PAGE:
Lexus NX Forum banner

1 - 12 of 12 Posts

·
Registered
Joined
·
520 Posts
Discussion Starter #1
It will be interesting to see how the 300h's E-Four Wheel Drive compares to the 200t's mechanical based system.

Called E-Four, the system uses an additional electric motor to drive the rear axle, providing more grip and better vehicle control on slippery surfaces. The front axle is propelled by power from the hybrid petrol engine or electric motor, or both in combination.

E-Four works intelligently, varying the amount of drive torque to the rear wheels in line with driving dynamics and road conditions, to secure just the right level of stability when pulling away or accelerating in low-grip conditions. As operation is automatic, the driver doesn’t have to think about engaging AWD.
http://blog.lexus.co.uk/2014/09/new...rip-with-e-four-all-wheel-drive/#.VBh6AfnRPVI
 

·
Registered
Joined
·
30 Posts
Also looking forward to what this system is like and how different it is than the 200.
Some journalist should consider doing a comparison of the both of them.
 

·
Registered
Joined
·
800 Posts
Should be a fun thing to get to know during a test drive. I do wonder how much you will feel it though, unless you have to do some more intense driving, like snow or swerving etc...
 

·
Banned
Joined
·
331 Posts
At least in theory, this system is not for HD usage.

Battery/electric powered rear wheels will have limitations in terms of duration. So, lets say that you are going to work and find that your 300h is buried under a lot of snow. Will there be enough juice and quantity of battery/electric power to rock your 300h back and forth for a period of time to break free?

The other issue (in theory) is performance...since most power is still at front axle, 300h can never achieve equal bias or rear bias push that is needed in a sports car around a corner to reduce understeer. I believe that this is where the 200t AWD system is sportier since it can deliver up to 50% of power to the rear.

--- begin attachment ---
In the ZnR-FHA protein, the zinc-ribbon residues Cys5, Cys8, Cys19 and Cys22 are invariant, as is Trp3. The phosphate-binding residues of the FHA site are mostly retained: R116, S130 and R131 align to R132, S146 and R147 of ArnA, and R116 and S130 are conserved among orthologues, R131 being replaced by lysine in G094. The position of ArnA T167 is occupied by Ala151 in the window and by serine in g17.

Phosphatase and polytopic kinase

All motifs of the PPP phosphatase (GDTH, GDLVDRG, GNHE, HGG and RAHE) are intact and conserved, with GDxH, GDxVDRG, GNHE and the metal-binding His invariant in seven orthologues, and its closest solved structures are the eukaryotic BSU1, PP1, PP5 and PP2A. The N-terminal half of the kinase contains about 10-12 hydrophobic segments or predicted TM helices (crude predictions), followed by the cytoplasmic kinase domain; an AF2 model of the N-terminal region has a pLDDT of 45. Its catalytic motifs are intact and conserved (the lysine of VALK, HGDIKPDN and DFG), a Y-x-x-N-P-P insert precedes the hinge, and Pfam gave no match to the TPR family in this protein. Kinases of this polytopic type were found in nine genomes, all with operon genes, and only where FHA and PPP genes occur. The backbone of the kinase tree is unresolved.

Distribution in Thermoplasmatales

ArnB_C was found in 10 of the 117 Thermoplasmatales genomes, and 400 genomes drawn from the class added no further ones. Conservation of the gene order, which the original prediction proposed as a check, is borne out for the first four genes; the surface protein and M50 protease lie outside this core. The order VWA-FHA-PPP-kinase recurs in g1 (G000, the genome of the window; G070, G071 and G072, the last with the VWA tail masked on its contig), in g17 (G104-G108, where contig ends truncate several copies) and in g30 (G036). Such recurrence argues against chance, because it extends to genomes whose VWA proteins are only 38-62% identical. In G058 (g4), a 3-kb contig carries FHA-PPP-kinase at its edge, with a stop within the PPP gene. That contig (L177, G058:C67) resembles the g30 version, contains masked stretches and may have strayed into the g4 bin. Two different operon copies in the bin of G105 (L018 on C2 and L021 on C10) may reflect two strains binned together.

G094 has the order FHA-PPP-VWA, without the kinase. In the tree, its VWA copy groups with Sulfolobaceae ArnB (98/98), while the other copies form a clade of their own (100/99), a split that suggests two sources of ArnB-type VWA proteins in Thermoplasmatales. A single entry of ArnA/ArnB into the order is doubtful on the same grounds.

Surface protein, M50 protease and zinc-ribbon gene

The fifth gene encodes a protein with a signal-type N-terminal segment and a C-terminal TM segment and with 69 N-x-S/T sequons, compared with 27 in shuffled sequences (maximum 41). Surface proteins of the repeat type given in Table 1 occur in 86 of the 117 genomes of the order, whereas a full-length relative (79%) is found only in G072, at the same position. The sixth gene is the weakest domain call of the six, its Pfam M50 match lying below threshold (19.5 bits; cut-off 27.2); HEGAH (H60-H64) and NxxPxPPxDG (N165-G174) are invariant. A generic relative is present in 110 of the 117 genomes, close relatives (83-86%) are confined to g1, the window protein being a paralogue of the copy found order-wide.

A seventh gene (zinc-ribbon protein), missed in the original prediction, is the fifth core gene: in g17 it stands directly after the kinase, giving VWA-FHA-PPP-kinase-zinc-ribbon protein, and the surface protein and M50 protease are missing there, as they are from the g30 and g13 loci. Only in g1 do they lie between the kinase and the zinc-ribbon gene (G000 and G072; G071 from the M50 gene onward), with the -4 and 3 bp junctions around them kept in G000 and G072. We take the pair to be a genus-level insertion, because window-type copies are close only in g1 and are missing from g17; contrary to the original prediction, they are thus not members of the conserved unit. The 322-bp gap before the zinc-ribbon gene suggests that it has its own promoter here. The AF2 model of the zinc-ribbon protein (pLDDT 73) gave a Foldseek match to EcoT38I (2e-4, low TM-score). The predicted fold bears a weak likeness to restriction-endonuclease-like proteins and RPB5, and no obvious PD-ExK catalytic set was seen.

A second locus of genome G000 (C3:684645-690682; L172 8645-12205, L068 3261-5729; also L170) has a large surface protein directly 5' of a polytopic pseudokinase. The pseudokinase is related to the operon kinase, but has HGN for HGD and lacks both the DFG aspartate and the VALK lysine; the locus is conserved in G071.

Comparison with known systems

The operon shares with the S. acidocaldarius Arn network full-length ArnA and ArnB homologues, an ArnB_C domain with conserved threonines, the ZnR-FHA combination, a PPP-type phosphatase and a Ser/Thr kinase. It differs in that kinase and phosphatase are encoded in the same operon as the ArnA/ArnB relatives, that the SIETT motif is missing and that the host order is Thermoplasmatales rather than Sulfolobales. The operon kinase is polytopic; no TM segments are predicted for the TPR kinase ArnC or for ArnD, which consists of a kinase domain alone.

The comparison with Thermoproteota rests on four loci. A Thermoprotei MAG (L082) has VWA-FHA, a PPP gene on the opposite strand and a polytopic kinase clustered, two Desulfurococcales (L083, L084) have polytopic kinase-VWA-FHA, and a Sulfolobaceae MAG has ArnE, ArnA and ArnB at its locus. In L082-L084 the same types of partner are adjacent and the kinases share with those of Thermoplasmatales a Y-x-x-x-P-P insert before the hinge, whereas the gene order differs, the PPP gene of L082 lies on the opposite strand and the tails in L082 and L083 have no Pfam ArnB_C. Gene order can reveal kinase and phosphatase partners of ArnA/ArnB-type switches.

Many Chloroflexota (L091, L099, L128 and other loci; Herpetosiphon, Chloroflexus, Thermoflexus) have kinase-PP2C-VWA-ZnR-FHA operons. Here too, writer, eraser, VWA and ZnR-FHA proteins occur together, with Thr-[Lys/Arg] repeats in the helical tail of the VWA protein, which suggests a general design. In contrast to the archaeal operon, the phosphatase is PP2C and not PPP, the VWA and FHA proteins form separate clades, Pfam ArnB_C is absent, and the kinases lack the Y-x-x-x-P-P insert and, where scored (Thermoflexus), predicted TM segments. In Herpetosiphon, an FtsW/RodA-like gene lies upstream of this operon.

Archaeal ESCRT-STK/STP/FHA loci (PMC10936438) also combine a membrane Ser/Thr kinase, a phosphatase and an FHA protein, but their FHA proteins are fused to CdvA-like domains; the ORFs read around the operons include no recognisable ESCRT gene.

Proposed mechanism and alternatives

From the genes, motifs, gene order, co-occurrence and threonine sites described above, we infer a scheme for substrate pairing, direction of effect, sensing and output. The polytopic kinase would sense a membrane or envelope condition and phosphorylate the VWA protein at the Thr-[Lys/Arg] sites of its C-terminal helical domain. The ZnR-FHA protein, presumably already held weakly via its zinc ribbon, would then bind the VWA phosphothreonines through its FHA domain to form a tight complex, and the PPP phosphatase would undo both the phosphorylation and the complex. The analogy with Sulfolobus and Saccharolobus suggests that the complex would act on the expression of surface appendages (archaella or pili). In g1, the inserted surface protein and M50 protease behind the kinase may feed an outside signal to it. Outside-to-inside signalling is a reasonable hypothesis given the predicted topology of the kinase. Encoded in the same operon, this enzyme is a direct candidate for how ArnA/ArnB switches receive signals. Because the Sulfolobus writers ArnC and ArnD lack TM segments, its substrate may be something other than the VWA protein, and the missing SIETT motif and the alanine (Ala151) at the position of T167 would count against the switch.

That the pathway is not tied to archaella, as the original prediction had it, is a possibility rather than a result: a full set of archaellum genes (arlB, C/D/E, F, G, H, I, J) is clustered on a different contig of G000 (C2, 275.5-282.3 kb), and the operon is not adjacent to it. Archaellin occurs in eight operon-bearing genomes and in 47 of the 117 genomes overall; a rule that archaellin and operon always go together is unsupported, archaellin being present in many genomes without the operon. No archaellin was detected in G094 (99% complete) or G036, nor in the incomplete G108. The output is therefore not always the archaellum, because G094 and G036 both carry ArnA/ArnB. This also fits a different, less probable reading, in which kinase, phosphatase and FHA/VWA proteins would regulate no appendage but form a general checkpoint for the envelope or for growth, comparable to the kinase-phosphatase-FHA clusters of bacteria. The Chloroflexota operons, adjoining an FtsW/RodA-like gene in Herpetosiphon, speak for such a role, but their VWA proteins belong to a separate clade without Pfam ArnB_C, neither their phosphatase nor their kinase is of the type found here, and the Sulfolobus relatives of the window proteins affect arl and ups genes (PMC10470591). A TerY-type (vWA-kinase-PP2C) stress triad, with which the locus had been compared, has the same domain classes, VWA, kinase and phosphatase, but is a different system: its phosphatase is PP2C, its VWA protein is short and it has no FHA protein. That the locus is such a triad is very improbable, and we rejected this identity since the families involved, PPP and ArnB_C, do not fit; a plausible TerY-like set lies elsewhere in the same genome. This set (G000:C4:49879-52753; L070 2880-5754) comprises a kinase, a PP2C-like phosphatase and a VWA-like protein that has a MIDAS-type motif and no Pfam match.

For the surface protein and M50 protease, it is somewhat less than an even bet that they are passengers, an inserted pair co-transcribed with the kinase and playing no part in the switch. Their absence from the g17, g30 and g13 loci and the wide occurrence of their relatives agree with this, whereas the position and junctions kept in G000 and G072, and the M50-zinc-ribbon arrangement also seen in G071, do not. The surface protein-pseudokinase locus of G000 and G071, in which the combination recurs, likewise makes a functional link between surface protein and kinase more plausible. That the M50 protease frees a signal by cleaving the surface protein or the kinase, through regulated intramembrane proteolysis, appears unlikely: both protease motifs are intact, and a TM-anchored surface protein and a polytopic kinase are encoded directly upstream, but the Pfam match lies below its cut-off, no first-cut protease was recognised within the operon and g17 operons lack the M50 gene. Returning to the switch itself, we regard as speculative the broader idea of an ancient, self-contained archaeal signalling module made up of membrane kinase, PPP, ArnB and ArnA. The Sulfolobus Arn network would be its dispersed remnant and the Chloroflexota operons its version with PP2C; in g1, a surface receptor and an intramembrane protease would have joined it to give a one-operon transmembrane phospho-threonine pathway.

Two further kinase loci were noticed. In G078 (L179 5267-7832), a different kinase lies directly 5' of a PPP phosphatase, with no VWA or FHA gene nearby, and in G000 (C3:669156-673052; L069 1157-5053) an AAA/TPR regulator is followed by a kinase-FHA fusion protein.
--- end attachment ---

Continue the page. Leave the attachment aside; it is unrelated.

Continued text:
BTW, this system is already in the RX300h. From reading the Lexus forums, the RX hybrid does well in snowy conditions.
 

·
Banned
Joined
·
331 Posts
I imagine with the extra torque that an electric engine gives that most hybrids are good in the snow.
but for how long? If you're stuck in a ditch and trying to rock yourself out, then will it gives sustained power to the rear wheels long enough?

I don't have the answer...but just wondering.
 

·
Registered
Joined
·
520 Posts
Discussion Starter #7
but for how long? If you're stuck in a ditch and trying to rock yourself out, then will it gives sustained power to the rear wheels long enough?

I don't have the answer...but just wondering.
Well that is the beauty of hybrid vs pure EV, the situation is not as dire IMO. The flip side is will the extra torque deployed from 0 help or hinder the efforts to get unstuck?
 

·
Banned
Joined
·
331 Posts
Well that is the beauty of hybrid vs pure EV, the situation is not as dire IMO. The flip side is will the extra torque deployed from 0 help or hinder the efforts to get unstuck?
I guess that it depends on how much pressure is applied to the gas pedal by the driver. The torque supplied by the electric motor depends on how deep you press the gas pedal.
 

·
Banned
Joined
·
331 Posts
How would the extra torque hinder efforts to get unstuck?
I "assume" that he meant max torque all at once may actually cause more slippage than traction???

Anyway, the battery powering the rear wheels will act like a gas engine...torque is applied depending on how you press the gas pedal.
 

·
Premium Member
Joined
·
136 Posts
I think that Traction Control limits slippage but I forget how it does it. I thought it starts off in 2nd gear, but am not entirely certain.
 

·
Banned
Joined
·
331 Posts
I think that Traction Control limits slippage but I forget how it does it. I thought it starts off in 2nd gear, but am not entirely certain.
Usually only if you select SNOW mode does a car start off in 2nd gear. Traction control works at the axle level...it does not change transmission gears. TC compares wheel speed difference b/w two wheels on the SAME axle...it brakes the one that is spinning the fastest (to even out the speed on both wheels), which it presumes is the one that is slipping.
 
1 - 12 of 12 Posts
Top